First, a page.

Tuesday, January 2, 2018

A Tribute to an OT Pioneer: By Michael Davis and Diana Su-Erickson

A Tribute to an OT Pioneer. Miss Edwina M Marshall started her journey in our profession by receiving the very first scholarship given by the New Jersey Rehabilitation Commission, earning a Bachelor of Science degree in OT in 1953, and later working for five years as an OT. She was approached by leadership in the Adventist Healthcare System and named Department Chair at Loma Linda to create the OT program which opened in 1959. She knew that higher education was important in academia and later obtained a Master’s degree from USC in 1964. One of the many talents she possessed was her ability for scholarly writing. She wrote several syllabi used at the LLU campus and at campuses throughout the US as few traditional textbooks existed.

Miss Marshall knew the significance of OT in clinical services “To Make Man Whole” and established the professional services known today at Loma Linda University Health. She wrote and received state grants in the early 1970s that resulted in the creation of two mobile units for home services throughout the Inland Empire. During her tenure at LLU, she was recruited as a consultant in the development of six OT programs in the US and Japan. She has been a mentor and educator to hundreds of OT students.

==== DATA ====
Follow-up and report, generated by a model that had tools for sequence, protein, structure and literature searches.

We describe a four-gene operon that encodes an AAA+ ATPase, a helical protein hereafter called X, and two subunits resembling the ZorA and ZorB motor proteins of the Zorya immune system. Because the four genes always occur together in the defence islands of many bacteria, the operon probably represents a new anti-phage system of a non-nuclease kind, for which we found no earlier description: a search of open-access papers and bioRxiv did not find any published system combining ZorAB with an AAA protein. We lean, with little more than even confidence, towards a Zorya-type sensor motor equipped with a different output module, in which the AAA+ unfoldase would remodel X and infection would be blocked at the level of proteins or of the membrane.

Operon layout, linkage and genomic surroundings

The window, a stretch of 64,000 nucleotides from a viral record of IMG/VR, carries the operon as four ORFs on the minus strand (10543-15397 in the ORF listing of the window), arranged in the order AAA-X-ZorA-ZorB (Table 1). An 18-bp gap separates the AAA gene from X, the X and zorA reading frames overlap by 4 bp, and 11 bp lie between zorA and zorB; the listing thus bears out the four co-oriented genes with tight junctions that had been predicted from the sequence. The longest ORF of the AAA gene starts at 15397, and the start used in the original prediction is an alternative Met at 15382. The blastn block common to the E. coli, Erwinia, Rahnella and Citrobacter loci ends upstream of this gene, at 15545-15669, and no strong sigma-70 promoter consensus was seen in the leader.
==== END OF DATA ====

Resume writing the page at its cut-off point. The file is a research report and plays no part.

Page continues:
In 1985, for her exceptional work and contribution, Miss Marshall was recognized as a “Fellow” by the AOTA. She was an advocate for those with physical handicaps, serving on many local and regional advisory committees to implement solutions encircling the tenets of the Americans with Disabilities Act. In 1992, she was honored with the OTAC Lifetime Achievement Award.

Miss Marshall retired in 1993 after thirty-five years as a Department Chair at LLU. Her colleagues recognized her unparalleled contributions to the OT profession and granted her Emeritus Professor status. In 2014, she was nominated as a founding member and distinguished leader into the “Leaders and Legacy Society” of the AOTF. She has spent her lifetime as a maverick, leader, and visionary for OT. Submitted by Michael Davis & Diana Su-Erickson

By Michael Davis and Diana Su-Erickson, OTR/L

No comments:

Post a Comment